and that every single one of these women is valid in her orientation. every single one.

She’s Gay, Dude

Know Your Name - Mary Lambert // Only a Girl - Gia // Ease My Mind - Hayley Kiyoko // All of Me - Luciana Zogbi // Rude - Madilyn Bailey // Daisy - Zedd // Like Real People Do - Ilia Kate // Paradise Is You - La Roux // Take Me to Church - Ellie Goulding // Closer - Tegan and Sara // Sex - Lauren Aquilina // Rhythm of Love - ukulelemily // Tell Her You Love Her - Echosmith // She Will Be Loved - Dani Shay // Hey Girl - Lady Gaga & Florence Welch // She Keeps Me Warm - Mary Lambert // Let Her Go - Arden Cho // Jenny - Studio Killers // Drove Me Wild - Tegan and Sara // She - Dodie Clark // I Do Adore - Mindy Gledhill // Girls Like Girls - Hayley Kiyoko // Girlfriend - Icona Pop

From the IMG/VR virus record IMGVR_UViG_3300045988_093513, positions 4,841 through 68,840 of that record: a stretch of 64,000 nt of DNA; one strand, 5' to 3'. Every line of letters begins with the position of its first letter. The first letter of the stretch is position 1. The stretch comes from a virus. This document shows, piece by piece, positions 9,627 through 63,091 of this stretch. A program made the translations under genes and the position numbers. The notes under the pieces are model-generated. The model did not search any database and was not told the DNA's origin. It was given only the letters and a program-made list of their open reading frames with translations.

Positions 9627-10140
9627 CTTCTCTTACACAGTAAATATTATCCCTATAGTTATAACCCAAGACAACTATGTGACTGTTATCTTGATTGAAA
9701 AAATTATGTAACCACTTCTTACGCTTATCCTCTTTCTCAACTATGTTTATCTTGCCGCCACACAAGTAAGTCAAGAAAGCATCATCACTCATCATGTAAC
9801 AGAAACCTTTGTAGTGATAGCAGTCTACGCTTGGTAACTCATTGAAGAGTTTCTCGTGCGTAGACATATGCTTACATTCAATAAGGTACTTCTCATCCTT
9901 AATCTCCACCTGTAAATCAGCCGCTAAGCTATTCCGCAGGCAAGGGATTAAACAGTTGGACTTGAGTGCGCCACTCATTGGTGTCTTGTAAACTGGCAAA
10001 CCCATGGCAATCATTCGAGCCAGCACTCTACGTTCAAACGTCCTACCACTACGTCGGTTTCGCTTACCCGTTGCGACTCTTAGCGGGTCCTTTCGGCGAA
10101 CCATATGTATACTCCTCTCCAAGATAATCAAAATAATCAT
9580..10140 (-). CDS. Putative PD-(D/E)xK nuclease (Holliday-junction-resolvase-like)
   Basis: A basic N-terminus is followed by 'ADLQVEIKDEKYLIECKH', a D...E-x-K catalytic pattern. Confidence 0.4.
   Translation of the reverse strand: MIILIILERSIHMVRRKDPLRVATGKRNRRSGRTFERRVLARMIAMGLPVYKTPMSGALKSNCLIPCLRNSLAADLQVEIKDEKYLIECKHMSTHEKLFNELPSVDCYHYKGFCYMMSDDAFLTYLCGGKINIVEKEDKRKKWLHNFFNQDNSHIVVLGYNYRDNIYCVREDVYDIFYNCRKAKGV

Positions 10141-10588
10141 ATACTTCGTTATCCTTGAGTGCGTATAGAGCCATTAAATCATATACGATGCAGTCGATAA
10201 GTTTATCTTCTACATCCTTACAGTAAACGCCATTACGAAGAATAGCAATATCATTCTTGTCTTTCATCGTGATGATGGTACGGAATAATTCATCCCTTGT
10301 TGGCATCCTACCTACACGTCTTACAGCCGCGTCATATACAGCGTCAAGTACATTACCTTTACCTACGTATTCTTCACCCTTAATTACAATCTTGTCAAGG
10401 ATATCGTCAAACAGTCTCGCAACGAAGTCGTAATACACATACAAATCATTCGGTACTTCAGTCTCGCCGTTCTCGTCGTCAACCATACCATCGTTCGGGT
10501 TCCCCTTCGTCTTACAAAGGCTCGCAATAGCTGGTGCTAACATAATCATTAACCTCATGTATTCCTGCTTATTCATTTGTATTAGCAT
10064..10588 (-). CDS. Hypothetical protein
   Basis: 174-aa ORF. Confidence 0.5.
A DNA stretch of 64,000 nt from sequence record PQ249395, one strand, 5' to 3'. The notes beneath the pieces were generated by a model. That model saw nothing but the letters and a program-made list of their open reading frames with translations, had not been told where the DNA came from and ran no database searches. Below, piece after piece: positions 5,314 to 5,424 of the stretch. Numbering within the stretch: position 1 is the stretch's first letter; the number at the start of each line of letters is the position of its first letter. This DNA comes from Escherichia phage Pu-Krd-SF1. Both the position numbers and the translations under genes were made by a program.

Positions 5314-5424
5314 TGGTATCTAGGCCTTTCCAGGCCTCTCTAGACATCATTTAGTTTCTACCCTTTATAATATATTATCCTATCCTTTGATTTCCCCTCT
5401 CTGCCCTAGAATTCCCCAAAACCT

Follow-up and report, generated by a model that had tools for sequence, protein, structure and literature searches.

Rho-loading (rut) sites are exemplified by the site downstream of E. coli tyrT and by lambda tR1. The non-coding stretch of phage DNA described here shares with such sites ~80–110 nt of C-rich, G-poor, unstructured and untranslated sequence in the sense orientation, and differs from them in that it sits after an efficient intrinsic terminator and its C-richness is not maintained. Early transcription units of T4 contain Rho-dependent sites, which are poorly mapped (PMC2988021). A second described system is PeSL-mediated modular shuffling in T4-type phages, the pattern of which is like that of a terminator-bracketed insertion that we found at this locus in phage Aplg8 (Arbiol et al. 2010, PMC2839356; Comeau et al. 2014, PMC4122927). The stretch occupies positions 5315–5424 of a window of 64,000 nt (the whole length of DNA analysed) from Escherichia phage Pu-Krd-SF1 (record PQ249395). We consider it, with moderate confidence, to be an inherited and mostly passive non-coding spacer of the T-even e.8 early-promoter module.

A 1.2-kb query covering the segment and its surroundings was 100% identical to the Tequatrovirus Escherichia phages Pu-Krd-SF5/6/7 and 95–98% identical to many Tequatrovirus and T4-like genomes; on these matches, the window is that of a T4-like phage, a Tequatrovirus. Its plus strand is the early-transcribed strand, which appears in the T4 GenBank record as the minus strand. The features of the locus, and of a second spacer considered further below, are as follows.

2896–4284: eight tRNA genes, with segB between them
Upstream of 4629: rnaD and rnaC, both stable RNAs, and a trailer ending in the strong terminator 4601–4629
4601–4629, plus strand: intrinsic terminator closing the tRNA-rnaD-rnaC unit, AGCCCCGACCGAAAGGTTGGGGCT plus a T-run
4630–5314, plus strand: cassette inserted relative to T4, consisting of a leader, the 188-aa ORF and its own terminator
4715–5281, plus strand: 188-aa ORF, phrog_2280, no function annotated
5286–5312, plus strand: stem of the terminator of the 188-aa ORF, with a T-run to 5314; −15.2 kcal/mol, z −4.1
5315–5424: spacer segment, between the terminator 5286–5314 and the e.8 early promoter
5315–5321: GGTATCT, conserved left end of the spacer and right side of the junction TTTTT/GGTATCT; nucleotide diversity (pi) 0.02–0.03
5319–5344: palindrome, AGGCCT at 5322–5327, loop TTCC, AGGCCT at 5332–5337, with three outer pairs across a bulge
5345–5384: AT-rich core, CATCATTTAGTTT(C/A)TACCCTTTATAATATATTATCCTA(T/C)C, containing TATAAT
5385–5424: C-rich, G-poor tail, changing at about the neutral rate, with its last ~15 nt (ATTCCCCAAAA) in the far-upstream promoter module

{8tracks} {Playmoss}

Revenge on homophobic dad

So I came to visit my dad on Easter and I’ve never heard so many homophobic words in 6 fucking days. He went full on how gross and disgusting and all that homophobic bullshit and then - of course - he fetishised lesbians, because “they are nice to look at”. I got really pissed when he started to wonder if Church will let him change godfather for my brother, because the one he has Come out as gay couple weeks ago… I was like “what is wrong with you? I honestly want to know?!?!?”

I tried to use reasoning but it failed so now I’m in the middle of making my revenge in couple simple steps:

1. Go on yt and watch so many gay (les too but not two attractive models making out) videos ad you can so recommendation on yt will always show gays.
2. Go to his porn account (I just happened to know his login and password to everything so that’s not a problem) and also watch gay (this time male/male only) videos and like them, comment maybe so it will also jump on in recommendation.